Subject: I have found a CD that I think you would enjoy
|Eric Burdon, War|
Eric Burdon Declares War
Genres: Pop, R&B, Rock, Classic Rock
Capturing the improvisational energy the band would soon become famous for, WAR's debut with Animals frontman Eric Burdon burst on the scene and on the charts with the erotic, Latin-tinged hit "Spill The Wine." For rock ic... more »
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Capturing the improvisational energy the band would soon become famous for, WAR's debut with Animals frontman Eric Burdon burst on the scene and on the charts with the erotic, Latin-tinged hit "Spill The Wine." For rock icon Burdon it was a dream come true, blending his powerful vocal style with a raw and creative blues band. Standout tracks include "Vision Of Rassan," "Blues For Memphis Slim," and the simmering soul revamp of John D. Loudermilk's blues classic "Tobacco Road."
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B. Bowman | Jersey, United States | 10/27/2005
(5 out of 5 stars)
"I have loved this disc ever since hearing the opening piano part on "The Vision of Rassan". What an opening! There have been very few times where the beginning of a CD commands my attention like this one does. Its interesting to hear War in their early stages and how Eric Burdon influenced their musical approach. Burdon's voice is in top form and his raspy blues tone is in full effect. His influence is apparent on songs like "Blues For Memphis Slim". Of course, "Spill The Wine" is the best known song off this one, but overall this is a great album."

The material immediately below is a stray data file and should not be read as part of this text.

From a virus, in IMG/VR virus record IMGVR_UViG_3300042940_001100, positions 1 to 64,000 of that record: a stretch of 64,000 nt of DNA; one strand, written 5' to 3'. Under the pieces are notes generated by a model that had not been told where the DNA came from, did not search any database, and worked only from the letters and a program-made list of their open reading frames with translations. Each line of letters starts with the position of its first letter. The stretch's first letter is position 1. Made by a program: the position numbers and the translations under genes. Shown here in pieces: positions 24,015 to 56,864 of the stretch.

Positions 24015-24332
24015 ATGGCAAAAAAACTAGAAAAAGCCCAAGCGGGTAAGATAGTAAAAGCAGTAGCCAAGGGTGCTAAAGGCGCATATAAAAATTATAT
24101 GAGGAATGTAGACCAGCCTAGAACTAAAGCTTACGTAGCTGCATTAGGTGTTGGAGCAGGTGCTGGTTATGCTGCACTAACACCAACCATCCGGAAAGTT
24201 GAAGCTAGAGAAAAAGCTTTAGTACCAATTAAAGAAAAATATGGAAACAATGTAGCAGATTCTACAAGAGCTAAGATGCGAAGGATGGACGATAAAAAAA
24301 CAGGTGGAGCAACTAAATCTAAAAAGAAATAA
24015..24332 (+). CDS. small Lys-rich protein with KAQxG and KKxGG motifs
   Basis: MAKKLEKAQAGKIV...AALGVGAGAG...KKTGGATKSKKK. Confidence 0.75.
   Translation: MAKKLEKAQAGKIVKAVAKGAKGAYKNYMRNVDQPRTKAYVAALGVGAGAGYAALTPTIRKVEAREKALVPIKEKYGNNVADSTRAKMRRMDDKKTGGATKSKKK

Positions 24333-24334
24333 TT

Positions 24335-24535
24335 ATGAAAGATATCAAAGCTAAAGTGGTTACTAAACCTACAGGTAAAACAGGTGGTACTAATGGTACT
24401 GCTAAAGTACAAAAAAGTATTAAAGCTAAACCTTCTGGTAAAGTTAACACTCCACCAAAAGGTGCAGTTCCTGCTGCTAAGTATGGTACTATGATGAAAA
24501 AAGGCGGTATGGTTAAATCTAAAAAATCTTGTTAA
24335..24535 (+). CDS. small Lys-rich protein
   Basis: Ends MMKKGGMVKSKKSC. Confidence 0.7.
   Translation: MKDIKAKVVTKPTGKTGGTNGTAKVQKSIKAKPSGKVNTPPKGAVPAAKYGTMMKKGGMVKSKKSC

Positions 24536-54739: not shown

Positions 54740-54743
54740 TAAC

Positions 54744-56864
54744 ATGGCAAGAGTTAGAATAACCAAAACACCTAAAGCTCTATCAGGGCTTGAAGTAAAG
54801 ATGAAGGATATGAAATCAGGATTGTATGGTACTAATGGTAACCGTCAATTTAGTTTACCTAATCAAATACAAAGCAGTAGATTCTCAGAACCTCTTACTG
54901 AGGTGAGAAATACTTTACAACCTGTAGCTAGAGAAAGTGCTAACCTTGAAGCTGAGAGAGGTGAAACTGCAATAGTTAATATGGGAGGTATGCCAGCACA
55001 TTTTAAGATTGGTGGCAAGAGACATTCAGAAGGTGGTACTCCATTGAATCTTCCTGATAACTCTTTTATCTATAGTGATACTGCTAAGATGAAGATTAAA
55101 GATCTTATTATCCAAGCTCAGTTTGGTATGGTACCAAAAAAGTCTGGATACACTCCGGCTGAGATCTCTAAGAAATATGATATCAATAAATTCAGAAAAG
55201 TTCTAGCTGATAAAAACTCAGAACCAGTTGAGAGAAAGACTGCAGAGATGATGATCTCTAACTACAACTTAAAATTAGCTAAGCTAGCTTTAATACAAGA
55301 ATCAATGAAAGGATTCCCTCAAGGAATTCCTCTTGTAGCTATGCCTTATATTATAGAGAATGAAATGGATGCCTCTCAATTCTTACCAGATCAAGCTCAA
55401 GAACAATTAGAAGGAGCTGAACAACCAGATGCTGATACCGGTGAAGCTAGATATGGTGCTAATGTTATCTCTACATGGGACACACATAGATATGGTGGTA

Burdon's hippie logic gets in the way of War
olofpalme63 | auf der flucht! | 04/04/2006
(3 out of 5 stars)
"It's quite disturbing that War's sound wasn't showcased more in Eric Burdon (The Animals) & War's 1970 MGM debut. Even though Eric Burdon declares "War" yielded the smash hit Spill The Wine, you're hard pressed to remember anything you've heard on this LP other than bits and pieces of Eric Burdon's endless ramblings. And that's a shame, because what you have here backing up Burdon's ego and face time is a damn good band.
Burdon's hippie rhetoric reaches sweltering highs and catastrophic lows under the guidance of Jerry Goldstein's production. The pompous Tobacco Road would have been much better in single mode. Instead it's presented here in long form (I Have A Dream version), thus making the road seem like a long and exhaustive black top. Roll On Kirk minus the Dedication is another example. The band close out the set with the gem You're No Stranger, which just so happens to be worth the price of admission alone.
A Must-Have Album in your Collection
B. Stephenson | Las Vegas, NV | 11/26/2006
(5 out of 5 stars)
"If I were trapped on a deserted island for the rest of my life, and could only have 10 albums with me....This would be one of them!"